When I was studying for lvl 2 (after failing the first time) I would study whenever I can at work. And at least 3 days out of the week my supervisor would, “jokingly,” say to me “level 2… tsk tsk… failure… again…” That pissed me off big time… Now he is saying “level 3… failure…” I guess that puts a smirk on my face now but during level 2 that fired me up as the humiliation of him saying to me “level 2… tsk tsk… failure… again… and again” would be unbearable.
great advice, thanks!
What kept me motivated during studying was the simple fact that I hated studying so much. If a page or section was especially borning, I’d ask myself “do you really want to be reading this same page again in a year?! Is it going to be any more interesting then? Learn it now and be done!” That seemed to help me get through.
Completerly agree with the post. Just one comment. Dont think if the exam is difficult or not half way in the first session.Just focus on the next question and try and answer it to the best of your ability. That happened to me on both L2 and 3. (I guess that was because I had done really well in L1 exam) All the time I was comparing how I felt during L1 exam and therefore was very confident that I was going to fail half way in the morning session.I just got lucky and passed without failing but JUST DONT THINK ABOUT IT during the exam.I am sure I have lost some points in both L2 and 3 due to that. REMEMBER ONE THING : IF YOU ARE WELL PREPARED AND YOU THINK THE EXAM IS DIFFICULT ALMOST EVERYONE IS GOING TO FEEL THAT WAY.So just hold on to it. All the best.
I thought the L3 exam material was pretty light. The essay questions will trip you up though… so it’s a good idea to put more time into practice essay questions.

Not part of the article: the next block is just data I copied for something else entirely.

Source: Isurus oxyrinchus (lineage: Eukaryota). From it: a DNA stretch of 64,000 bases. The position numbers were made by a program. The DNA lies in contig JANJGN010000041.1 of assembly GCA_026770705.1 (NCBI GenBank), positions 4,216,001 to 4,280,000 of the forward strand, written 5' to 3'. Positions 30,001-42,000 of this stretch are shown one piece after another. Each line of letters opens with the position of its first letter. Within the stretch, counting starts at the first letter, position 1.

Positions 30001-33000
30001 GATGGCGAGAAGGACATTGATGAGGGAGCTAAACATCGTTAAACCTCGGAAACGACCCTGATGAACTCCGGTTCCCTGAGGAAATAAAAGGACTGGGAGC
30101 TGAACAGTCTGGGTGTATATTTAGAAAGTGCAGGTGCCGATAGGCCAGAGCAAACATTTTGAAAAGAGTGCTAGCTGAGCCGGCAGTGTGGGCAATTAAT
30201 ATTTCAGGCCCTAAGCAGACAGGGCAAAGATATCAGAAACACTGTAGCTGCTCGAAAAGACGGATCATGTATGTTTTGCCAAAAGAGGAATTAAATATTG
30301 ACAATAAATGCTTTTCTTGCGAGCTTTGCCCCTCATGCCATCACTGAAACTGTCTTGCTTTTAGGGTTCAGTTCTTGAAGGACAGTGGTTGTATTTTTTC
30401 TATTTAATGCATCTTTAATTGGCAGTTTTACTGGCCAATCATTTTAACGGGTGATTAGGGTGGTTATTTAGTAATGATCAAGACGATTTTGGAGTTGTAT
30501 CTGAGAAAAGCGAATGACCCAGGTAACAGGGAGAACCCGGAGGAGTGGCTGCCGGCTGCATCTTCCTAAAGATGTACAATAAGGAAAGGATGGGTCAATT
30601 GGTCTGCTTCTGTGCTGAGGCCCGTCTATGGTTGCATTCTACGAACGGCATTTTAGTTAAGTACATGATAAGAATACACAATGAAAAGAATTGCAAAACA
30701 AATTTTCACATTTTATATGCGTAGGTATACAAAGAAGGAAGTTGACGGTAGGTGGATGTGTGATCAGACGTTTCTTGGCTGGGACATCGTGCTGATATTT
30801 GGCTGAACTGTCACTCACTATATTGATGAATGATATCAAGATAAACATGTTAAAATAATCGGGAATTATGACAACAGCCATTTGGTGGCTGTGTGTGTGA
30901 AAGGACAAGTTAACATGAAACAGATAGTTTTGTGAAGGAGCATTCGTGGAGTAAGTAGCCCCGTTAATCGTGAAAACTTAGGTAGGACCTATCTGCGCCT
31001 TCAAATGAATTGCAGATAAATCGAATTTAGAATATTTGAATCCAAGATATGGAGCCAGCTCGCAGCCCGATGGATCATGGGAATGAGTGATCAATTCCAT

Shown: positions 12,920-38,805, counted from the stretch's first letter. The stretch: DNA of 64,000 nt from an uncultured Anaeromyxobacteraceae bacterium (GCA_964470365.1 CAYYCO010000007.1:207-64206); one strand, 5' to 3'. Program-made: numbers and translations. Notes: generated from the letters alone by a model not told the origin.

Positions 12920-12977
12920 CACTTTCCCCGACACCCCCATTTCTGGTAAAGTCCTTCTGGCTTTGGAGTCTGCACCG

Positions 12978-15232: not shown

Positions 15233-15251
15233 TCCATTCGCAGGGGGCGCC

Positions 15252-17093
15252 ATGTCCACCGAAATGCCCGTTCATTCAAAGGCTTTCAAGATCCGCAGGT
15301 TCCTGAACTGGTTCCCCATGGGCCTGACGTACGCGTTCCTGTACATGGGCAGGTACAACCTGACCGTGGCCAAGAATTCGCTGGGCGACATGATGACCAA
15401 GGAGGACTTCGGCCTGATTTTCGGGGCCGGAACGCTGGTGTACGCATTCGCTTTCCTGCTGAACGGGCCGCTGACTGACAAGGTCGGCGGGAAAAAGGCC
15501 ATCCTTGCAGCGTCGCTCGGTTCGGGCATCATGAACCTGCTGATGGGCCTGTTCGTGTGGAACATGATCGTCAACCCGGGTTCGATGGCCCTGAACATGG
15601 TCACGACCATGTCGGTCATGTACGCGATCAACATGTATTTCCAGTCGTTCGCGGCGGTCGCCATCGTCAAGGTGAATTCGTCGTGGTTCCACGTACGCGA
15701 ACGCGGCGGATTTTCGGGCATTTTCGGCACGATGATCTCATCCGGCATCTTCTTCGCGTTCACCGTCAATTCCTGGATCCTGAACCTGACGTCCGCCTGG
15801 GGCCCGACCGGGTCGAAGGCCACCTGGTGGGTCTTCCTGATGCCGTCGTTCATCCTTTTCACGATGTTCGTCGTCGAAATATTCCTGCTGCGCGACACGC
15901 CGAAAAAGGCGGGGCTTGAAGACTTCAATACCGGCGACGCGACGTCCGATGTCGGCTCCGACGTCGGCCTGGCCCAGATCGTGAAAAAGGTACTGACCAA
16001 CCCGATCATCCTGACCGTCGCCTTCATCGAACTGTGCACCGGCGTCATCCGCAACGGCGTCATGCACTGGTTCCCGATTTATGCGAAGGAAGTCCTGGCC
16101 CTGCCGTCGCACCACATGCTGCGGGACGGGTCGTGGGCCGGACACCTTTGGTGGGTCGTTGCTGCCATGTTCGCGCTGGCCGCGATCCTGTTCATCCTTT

The L3 material is pretty easy to read through and in many ways tedious because you will keep seeing the same concepts show up in different readings and your first impulse is to say “Alright! I get it already”. You don’t have a lot of time to think on the AM session. You basically have to be prepared to read the question and ready to answer immediately and the tricky part over here is that your answer must contain the key phrases that the CFAI is looking for. I thought that I aced the Risk Management section on the AM session but I failed it. So don’t get too carried away writing long answers. They are probably not going to wade through them. There will be some oddball questions and if you are well prepared and can’t comprehend the question, jut move on and come back.The odds are that the other candidates are struggling with that question as well. It’s very important to not get hung on a particular question and run the risk of not finishing the exam. Manage your time carefully. Looking back, if I could change my preparation, I would have done the following things: - Summarized each LOS in my own words and used that as review material the day before the exam - Spend the last week just revising and reviewing the material. I ended up leaving the exams to the very end. Take the actual exams under test conditions. Don’t cheat and look at the answer key if the wording of a particular question does not make sense. - I only read ethics once 5 days before the exam. Most of the material is the same as LI and LII but the questions will be trickier, so read the vignette very critically so as to not fall for the traps. Read the AMC several times from the CFAI text. Know it inside and out. It’s a short chapter and will most likely show up on the exam. - I also read GIPS just once. It’s boring as hell but again those are easy points that you do not want to lose. Schweser does a decent job of summarizing the rules and remember that anything from that chapter can be tested, no matter how obscure.
When I first started this process a few years back I knew very few charterholders. One of them gave me the simplest advice, but it ended up being really useful and I went back to it in my mind many times: “Just study what they tell you to study.” When it’s all said and done, that’s what it all boils down to: learn what’s in the damn LOS’s.
Good posts everyone. Thank you all for sharing.